We all have ways to cope. When life brings its stresses, as it always does and will continue to do, we seek comfort. For some it is drink, for others it is shoe shopping. Some of us get a massage or a manicure, while others scope out the nearest French bakery. I can personally attest that chocolate works quite well. All of the above sound very fine and I would welcome any one of them. But the ultimate for me is walking into a book store, which is what I did yesterday. The smell of a book store is probably as alluring to me as an opium den was to Sherlock Holmes. The world suddenly seems a kinder and gentler place.
As always, I headed straight for the sale table. Even in the distance I could see it. At first, I doubted my perception thinking my eyes must be cruel deceivers. I could not...simply could NOT...believe them. Stacked in beautiful, plump splendor were three copies of "Essential Pepin", the cookbook by Jacques Pepin that accompanies his PBS TV cooking series. I honed in on the table like a hawk that had spotted a mouse (fearing a hoard of shoppers had noticed the same thing at the same time and was hot on my heels to grab them up before I got my chance) to snatch a copy. I ran my hands over the cover and hugged it. Yes. I hugged it. My mission was accomplished in spades. No. More than spades. In fireworks and a brass band. No. More than that even. Not a brass band. An orchestra...with Pavarotti singing the famous aria from Nessun Dorma. "vincero, vincero, vinceeeeerrrrrooooo". Well, I might be exaggerating just a bit. But it was pretty darn exciting nevertheless. The TV show is on The Create Channel, a public broadcasting channel in South Carolina. It comes on in the middle of the night, though, and unless I can't sleep (which is not usually a problem) I miss it. And now, here he was...Jacques, in all his adorably handsome and culinary splendor for the bargain price of $11.68 - with my B&N membership card - a substantial savings over its original $40 cost. I admit it might not work for everyone, but it made my day.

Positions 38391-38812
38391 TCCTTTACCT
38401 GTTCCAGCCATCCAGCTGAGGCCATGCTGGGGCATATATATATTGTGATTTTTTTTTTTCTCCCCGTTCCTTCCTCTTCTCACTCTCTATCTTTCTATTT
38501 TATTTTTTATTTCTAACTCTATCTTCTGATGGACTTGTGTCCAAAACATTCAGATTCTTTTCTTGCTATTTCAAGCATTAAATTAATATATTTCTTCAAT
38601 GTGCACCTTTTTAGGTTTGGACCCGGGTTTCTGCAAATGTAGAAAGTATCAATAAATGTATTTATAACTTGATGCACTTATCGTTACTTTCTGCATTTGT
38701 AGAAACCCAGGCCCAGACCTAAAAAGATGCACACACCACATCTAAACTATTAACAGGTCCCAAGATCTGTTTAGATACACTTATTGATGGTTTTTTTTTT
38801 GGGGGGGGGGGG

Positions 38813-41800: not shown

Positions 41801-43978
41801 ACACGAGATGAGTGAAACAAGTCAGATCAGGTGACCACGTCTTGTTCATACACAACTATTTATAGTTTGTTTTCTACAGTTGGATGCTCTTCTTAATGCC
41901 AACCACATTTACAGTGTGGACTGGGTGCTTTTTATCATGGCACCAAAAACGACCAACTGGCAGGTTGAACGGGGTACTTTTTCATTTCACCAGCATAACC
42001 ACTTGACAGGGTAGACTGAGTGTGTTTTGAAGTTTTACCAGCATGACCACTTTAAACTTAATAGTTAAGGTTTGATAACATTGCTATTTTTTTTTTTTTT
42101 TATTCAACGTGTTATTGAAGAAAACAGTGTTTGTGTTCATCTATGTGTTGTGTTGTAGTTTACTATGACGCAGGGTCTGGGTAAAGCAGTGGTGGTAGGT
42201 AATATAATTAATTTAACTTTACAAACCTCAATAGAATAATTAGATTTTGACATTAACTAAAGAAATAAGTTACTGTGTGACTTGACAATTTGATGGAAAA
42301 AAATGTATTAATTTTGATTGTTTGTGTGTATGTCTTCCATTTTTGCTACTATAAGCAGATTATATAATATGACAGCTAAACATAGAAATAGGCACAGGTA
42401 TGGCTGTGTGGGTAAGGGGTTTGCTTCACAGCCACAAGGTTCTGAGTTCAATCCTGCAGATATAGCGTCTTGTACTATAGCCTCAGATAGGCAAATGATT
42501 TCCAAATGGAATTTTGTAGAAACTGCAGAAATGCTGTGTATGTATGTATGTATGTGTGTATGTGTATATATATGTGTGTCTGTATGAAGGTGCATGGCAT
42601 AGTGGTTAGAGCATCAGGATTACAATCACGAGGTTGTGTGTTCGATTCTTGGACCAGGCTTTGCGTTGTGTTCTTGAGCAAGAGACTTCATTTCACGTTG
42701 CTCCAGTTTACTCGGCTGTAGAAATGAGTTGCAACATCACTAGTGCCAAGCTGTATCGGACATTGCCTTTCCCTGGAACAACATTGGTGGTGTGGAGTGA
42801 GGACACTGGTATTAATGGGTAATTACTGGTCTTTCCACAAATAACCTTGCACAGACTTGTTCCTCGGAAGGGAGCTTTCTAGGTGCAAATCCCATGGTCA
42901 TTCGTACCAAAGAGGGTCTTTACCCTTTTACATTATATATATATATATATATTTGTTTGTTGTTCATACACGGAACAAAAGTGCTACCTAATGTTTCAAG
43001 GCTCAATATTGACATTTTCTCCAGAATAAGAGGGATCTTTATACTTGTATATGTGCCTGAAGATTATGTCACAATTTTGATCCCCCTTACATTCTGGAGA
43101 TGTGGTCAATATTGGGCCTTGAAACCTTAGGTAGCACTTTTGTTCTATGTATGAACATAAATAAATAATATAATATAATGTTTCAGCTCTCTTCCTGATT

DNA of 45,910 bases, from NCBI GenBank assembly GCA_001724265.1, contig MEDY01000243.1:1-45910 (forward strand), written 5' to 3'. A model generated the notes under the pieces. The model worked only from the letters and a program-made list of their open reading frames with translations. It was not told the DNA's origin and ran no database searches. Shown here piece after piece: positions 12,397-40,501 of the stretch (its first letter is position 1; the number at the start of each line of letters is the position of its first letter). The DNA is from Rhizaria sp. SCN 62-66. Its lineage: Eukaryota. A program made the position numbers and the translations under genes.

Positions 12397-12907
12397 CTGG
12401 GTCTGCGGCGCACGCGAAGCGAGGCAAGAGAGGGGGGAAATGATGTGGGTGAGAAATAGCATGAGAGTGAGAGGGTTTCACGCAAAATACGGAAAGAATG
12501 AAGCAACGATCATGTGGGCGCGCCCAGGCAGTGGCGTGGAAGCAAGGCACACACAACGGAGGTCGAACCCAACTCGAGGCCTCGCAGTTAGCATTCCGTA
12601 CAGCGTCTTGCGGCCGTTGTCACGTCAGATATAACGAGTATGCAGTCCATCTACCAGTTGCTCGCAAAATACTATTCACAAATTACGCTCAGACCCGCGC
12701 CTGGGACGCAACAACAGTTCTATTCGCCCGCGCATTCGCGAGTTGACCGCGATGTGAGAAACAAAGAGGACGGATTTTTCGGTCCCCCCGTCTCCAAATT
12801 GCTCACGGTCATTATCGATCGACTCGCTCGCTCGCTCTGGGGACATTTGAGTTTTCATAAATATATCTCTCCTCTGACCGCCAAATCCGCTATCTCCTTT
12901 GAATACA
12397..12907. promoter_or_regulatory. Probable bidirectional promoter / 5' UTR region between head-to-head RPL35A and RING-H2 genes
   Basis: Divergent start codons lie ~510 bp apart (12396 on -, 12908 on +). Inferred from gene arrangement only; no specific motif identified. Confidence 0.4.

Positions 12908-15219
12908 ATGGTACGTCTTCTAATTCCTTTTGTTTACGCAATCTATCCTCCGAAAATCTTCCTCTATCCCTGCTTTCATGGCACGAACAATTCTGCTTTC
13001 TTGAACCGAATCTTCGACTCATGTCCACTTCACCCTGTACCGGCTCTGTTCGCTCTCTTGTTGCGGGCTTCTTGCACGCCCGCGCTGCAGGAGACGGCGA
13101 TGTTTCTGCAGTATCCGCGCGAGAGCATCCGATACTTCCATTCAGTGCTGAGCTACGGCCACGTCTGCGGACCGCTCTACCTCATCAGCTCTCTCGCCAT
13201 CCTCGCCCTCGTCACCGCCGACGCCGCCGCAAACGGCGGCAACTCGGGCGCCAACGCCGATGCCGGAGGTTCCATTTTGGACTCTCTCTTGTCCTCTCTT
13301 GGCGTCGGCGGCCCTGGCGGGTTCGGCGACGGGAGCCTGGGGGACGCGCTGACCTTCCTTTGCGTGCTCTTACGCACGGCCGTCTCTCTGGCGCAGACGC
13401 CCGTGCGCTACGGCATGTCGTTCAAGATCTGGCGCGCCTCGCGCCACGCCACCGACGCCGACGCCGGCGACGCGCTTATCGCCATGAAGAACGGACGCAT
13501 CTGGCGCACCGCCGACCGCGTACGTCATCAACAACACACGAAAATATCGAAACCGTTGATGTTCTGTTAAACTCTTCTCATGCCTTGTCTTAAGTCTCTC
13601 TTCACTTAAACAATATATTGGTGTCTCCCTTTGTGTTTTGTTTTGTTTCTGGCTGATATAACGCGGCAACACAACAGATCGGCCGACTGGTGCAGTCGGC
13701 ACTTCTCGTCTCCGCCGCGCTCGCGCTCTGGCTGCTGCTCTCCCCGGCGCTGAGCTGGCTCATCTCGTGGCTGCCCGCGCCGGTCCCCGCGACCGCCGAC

After returning to work and doing what I get paid to do, I finally went home, patted the dog on the head, scratched the cat under her chin, and put dinner on to cook. I poured myself a glass of Pinot Grigio and hit the play button on the stereo - Doo Wop on that day. Comfortably seated in my reading chair, I released Jacques from his shopping bag and noticed for the first time that the cover announced the book came with a 3 hour DVD! Could this get much better? Yes. When I opened the front cover I saw that the book was signed! In the DVD Pepin shows in detail all the techniques I would ever need to know (from how to tie an apron - seriously, he explains the correct way a chef ties an apron - to proper knife work, prepping vegetables, making meringues, the difference between croissant dough and puff pastry and why the techniques are different, the special preparation needed for certain vegetables, classic French omelets, correct techniques for making proper French breads, dealing with shell fish, as well as the preparation of certain wild game - which I admit I had to fast forward through because, let's face it, French cuisine or not I doubt I will ever need to know how to remove the lungs, liver and kidneys from a fresh rabbit carcass. And then, of course, there is some discussion of wines. It just goes on and on and on. 3 heavenly hours of learning at the feet of the Master.)
The book itself is hefty and is lovely to hold. It has what I can only explain as a padded, hard cover. The pen and ink artwork is, well, artsy - with lots of flourishes. There are no pictures of the dishes, but my favorite cookbooks don't have them anyway. But the endpapers do contain photos of Jacques in his many stages of life, my favorite being the one of him and Julia Child facing the camera. He is seated and she is standing behind him, with her arms around his neck in a warm hug. I felt a warm hug myself as I slowly turned the pages. Once again, life was good.